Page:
Wouldn’t the world be a much better place if we could understand each other better? While you may think that hiding yourself in a book is the opposite of this, research shows that people who regularly read fiction are better equipped to understand others’ feelings, beliefs, and thoughts.
How does this work? In a book or story, you dive into the mind of someone else, eventually ending up in the head of the main character or multiple characters.
Reading, ultimately, gives you varying perspectives on the world and how people may react to certain situations. It gives you insight into the inner workings of the mind, and these skills are critical for maintaining healthy, empathetic social relationships.
If this is something, you struggle with, a little more reading in your life might be just what you need.
5. Reading develops your vocabulary
It sucks to be the person in the room who doesn’t get the joke or who doesn’t quite follow the conversation.
When you read, you broaden your vocabulary, which might help you converse better with others and get in on all those good conversations and jokes, in other good news. If you’ve been a regular reader since a young age, studies indicate that you’ve likely already developed a more extensive vocabulary.
In turn, this can improve your outcomes when it comes to job success or even college admissions.
6. Reading improves your memory
Reading forces your memory to work since you have to keep track of characters, environments, situations, and more. This is especially true if you break up your reading sessions into small chunks (such as for an hour each night).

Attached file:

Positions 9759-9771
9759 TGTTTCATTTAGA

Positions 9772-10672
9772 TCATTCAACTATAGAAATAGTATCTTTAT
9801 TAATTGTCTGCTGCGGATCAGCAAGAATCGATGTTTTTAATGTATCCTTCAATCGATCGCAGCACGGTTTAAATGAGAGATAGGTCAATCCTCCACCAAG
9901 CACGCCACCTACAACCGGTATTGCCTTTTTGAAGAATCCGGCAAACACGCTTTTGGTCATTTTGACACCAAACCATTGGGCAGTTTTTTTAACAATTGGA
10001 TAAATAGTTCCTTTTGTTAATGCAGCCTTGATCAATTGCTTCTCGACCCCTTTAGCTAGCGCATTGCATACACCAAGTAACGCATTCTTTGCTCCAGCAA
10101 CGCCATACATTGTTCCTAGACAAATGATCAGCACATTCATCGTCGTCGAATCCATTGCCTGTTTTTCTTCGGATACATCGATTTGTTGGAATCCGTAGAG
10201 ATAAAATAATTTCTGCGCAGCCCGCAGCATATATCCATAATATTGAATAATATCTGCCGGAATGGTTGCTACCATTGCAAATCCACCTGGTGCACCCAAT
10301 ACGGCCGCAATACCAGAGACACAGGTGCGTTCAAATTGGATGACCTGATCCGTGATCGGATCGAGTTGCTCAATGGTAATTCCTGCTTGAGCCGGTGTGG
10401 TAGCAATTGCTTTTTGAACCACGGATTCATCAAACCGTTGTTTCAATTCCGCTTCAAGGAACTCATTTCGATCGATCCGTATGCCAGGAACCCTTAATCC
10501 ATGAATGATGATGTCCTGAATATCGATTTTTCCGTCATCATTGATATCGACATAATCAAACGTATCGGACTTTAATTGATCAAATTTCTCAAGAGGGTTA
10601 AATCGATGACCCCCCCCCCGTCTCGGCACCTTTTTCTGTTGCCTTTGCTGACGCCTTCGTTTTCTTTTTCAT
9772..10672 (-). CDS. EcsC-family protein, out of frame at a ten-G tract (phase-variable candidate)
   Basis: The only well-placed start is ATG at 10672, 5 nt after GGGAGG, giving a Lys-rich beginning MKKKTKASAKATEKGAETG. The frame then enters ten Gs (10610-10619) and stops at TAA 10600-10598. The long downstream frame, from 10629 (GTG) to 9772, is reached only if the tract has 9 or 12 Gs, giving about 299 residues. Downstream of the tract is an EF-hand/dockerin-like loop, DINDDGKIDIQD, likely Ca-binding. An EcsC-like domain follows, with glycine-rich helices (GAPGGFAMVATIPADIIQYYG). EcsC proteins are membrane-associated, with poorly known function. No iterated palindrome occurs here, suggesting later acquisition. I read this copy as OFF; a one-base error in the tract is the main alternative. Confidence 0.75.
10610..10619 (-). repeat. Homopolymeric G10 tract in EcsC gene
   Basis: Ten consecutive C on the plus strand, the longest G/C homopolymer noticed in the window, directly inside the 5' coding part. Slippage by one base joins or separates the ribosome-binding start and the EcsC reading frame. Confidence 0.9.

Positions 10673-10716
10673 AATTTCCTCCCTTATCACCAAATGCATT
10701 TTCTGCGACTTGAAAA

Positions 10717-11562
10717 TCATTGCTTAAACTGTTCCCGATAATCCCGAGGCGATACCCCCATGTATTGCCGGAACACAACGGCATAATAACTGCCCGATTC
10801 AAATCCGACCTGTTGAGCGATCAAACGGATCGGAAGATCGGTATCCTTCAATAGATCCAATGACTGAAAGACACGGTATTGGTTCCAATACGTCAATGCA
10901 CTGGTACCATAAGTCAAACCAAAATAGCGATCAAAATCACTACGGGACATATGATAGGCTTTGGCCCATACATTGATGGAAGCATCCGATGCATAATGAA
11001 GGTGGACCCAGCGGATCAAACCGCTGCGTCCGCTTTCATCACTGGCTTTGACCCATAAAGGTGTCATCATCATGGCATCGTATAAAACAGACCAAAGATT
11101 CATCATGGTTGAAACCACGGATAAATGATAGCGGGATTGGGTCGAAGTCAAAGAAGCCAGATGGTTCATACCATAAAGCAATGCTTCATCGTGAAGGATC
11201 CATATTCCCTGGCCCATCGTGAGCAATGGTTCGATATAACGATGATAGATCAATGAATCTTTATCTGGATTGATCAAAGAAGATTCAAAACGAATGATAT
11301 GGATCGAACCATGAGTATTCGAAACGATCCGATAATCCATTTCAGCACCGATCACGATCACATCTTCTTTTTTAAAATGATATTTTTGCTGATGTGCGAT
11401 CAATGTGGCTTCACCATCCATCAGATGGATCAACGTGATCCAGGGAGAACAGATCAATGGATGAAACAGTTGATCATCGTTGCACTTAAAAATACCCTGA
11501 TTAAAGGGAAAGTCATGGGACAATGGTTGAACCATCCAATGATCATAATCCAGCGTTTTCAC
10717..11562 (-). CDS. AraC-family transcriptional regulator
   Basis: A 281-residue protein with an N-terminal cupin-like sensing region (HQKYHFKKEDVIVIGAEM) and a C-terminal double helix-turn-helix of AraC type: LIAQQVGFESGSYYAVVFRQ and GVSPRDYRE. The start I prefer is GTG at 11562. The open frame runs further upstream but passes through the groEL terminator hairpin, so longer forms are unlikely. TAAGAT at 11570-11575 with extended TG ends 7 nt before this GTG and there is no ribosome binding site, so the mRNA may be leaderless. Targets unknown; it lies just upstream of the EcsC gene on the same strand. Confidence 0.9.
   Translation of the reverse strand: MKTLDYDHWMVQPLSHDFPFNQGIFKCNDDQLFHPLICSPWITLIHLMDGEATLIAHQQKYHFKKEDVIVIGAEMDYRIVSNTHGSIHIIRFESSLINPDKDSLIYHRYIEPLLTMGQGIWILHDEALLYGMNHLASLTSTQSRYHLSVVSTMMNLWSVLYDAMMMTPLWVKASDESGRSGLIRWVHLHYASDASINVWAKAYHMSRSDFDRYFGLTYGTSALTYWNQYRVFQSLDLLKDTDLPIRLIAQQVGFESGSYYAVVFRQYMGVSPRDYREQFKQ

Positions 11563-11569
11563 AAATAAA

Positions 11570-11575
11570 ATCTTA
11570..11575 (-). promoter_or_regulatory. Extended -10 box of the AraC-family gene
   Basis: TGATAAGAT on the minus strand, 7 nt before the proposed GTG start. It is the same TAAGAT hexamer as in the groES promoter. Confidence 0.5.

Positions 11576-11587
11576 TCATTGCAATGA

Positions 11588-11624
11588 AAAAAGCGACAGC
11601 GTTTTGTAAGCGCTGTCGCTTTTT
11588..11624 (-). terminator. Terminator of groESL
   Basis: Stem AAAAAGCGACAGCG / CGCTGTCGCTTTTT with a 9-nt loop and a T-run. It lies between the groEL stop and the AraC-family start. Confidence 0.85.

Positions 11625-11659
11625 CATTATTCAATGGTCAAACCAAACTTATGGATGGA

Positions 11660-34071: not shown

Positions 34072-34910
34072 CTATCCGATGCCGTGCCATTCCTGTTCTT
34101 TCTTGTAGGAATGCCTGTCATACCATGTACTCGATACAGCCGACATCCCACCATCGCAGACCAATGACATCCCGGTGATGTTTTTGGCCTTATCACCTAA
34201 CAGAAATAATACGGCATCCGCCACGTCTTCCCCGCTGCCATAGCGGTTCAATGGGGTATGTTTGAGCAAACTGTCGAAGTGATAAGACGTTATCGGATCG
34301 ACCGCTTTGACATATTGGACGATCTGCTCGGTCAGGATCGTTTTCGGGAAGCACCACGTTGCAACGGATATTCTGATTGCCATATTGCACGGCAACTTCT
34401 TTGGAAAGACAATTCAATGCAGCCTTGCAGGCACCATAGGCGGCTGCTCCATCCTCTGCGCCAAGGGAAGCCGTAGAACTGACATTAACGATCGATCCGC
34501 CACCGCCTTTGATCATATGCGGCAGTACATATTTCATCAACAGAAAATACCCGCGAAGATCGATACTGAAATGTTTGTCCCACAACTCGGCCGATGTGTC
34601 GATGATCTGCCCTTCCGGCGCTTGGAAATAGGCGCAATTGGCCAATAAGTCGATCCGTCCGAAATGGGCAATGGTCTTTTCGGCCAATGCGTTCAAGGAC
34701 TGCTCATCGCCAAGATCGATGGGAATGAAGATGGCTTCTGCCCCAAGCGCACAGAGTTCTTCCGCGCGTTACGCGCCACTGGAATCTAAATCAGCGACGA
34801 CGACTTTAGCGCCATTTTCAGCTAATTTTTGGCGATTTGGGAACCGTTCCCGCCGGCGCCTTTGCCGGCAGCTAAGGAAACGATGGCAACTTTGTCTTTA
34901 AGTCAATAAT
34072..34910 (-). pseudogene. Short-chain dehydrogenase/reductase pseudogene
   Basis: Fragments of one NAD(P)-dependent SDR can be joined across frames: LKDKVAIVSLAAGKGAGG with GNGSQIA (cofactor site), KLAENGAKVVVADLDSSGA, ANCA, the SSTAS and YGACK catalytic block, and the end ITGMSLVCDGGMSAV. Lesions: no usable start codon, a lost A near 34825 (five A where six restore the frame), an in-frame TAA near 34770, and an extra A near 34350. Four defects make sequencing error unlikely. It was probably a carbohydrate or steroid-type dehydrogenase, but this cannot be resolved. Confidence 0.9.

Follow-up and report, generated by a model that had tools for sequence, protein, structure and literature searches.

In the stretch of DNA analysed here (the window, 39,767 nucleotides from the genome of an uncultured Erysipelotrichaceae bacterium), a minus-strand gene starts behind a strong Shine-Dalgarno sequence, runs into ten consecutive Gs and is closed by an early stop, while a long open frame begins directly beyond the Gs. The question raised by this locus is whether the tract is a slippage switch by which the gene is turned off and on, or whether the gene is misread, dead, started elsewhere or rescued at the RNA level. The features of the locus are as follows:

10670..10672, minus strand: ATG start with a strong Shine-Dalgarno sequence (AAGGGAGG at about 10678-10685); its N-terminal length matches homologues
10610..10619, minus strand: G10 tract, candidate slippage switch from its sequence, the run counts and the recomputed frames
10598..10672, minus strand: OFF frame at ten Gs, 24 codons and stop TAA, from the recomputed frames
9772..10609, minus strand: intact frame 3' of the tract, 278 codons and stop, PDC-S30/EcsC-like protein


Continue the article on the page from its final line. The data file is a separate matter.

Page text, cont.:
This act allows you to practice memorization regularly; this makes it easier for your brain to create new synaptic connections. As a result, you increase existing neural pathways and form new ones. That’s not all; this also helps improve your short-term memory – which might make your life easier in general. For instance, you may better recall where you placed your car keys when you came into your home late last night.
7. Reading helps you become a more analytical thinker
This is particularly true if you’re reading a story with a puzzle, like a mystery or a thriller. It’s a typical case of ‘who’s done it?’ And you may even figure that out before the last page.
This forces you to put your analytic thinking cap on in a way that is watching an episode of Friends may not. In a way, it can help you become a better problem solver and become better equipped to find solutions for whatever issues come your way.
Reading For Beginners
Alright, so what if you’re new to this reading thing? What if you find it challenging to get started? Do audiobooks count? What about biographies?
Start wherever you feel comfortable; any book is a good book. It can engage those mental aspects that binge-watching or scrolling doesn’t.
So, try to find a topic that interests you – fiction or non-fiction. If the reading doesn’t entice you, try an audiobook while walking. Don’t force it; if you start a book and it’s a struggle, it may just be a lousy book, or maybe it isn’t the right one for you. Try a new book genre or author and see if that one clicks.
Let’s Turn The Page
The average American spends 2 hours per day on social media.
What can we say we have learned from this time? We know the effects of social media and technology can contribute to depression, isolation, and identity crises, so it’s in our best interest to cut back on our tech time as much as possible. We know it’s not possible to cut this out of your life entirely, but by adding small bits of reading and other non-social media-based activities, you will begin to find more mind, body, and soul benefits out of your spare time.
So, put down your phone, and pick up a book! Treat yourself by flipping to page one.